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Standards for Student Learning

Definitions and Descriptions, Historical Context, Comparing Past and Present, Potential for Success

Standards, as they are used in education, are verbal statements of goals or desired classes of outcomes. They describe what the goals of the system are. Standards-based educational reform has the intention of having most or all students reach identified standards and of organizing educational services, including teacher preparation and instructional interventions, to address such standards. The rhetorical linchpin of such a system is the standards themselves.

Definitions and Descriptions

Standards differ according to function and have fallen into at least three overlapping classifications. Content standards are intended to describe domain-specific topics, for example, student performance in areas of mathematics, such as measurement or probability, or in physics, such as force and motion. National professional groups, such as the National Council of Teachers of Mathematics, the American Association for the Advancement of Science, and the American Historical Association, for example, have reached professional consensus about such standards. States have also put into place panels intended to recommend such standards for adoption to their state boards of education. School districts may choose to augment, focus, or redefine content standards adopted by their state. Content standards are often arrayed in a continuum of development, specifying, for instance, particular standards for eighth-grade students or for beginning readers or those standards thought to be necessary to meet high school graduation requirements. Skill standards are explications of either a fundamental skill, such as reading, or job-performance standards, such as the ability to work in teams. Skill standards are often, although not always, independent of a particular content domain.

Performance standards, unfortunately, is a term used to denote two very different concepts, and users often fail to be explicit about their interpretation. Some educators use performance standards as a means to describe the "what" of education further or to give examples of tasks that fit particular content standards. Performance standards of this type are intended to communicate more clearly the intention of general content or skill standards. Good performance standards should link up to the design of assessments intended to measure the standards, although they are usually at some distance from that process. For example, the content standard "to understand the causes of major historical events in American history" might be illustrated by a description that says "The student will be given primary source documents related to an important historical era, such as the American Revolution or the Great Depression, and be asked to identify alternative explanations for the causes offered by different historical writers." The student will evaluate these arguments and use source material to explain in an essay which perspectives are most reasonable. These performance standards might then be augmented with a sample task and scoring scheme for a set of such essays.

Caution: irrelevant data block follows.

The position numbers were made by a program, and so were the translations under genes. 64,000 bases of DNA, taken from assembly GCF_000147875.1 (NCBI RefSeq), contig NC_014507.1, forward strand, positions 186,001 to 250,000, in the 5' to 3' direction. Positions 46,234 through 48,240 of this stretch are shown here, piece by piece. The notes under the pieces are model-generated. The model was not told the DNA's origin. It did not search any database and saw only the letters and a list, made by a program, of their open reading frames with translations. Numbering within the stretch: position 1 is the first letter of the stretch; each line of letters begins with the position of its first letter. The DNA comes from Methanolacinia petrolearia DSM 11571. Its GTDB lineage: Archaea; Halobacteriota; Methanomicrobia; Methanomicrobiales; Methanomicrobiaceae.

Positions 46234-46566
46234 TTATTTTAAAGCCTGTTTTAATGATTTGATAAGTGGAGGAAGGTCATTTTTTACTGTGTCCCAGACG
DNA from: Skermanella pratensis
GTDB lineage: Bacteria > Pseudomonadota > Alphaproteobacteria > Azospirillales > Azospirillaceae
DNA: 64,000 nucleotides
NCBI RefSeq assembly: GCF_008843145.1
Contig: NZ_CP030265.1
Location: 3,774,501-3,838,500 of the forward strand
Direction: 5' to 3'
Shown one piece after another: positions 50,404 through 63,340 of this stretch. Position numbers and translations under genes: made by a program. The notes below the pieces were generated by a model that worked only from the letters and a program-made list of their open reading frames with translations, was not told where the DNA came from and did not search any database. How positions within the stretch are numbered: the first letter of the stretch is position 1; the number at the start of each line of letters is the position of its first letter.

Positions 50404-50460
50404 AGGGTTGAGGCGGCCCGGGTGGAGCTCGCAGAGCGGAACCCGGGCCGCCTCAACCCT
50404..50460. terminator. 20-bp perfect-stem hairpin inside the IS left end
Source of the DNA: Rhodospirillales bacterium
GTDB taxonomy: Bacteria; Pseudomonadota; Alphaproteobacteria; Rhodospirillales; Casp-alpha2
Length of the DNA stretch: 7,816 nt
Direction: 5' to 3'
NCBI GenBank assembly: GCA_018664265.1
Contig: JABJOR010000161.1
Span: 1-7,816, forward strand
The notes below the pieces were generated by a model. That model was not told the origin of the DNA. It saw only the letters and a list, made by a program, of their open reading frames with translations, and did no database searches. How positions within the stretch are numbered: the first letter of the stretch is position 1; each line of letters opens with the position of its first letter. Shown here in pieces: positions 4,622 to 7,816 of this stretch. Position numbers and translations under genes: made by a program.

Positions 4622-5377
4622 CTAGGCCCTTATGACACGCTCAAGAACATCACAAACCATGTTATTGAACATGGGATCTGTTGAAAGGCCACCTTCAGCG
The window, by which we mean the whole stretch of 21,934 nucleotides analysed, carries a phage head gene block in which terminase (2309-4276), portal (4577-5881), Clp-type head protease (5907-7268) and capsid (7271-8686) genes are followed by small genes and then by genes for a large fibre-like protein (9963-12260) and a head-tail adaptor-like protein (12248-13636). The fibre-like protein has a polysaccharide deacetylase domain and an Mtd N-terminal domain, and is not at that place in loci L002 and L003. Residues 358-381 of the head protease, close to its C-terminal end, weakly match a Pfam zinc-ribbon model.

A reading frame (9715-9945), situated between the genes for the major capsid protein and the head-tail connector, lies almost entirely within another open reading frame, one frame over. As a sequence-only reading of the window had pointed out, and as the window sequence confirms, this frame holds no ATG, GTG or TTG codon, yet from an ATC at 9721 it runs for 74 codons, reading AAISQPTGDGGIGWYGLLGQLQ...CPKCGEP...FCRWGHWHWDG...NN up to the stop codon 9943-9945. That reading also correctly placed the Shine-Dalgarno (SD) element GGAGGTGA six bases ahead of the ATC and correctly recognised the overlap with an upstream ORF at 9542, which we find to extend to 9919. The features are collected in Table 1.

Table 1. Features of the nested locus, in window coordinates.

The second type of performance standard delimits the degree of proficiency, or the "how much" part, of performance. These performance standards are invoked following the development of assessments designed or selected to measure student performance of the standards. Frequently, these performance standards are described in terms intended to give a rough scale of competence, such as basic, proficient, or advanced. The operational definition of these standards is usually based on a cutscore–the dividing score between classifications–for example, "above 75 points." The underlying theory of standards-based reform is that it is criterion referenced. This means that performance of the system is judged in the light of attainment of the standards as measured by particular tests and assessments. Because the inferences drawn about educational improvement strongly depend on the validity of these achievement levels, or performance standards, they are of critical importance.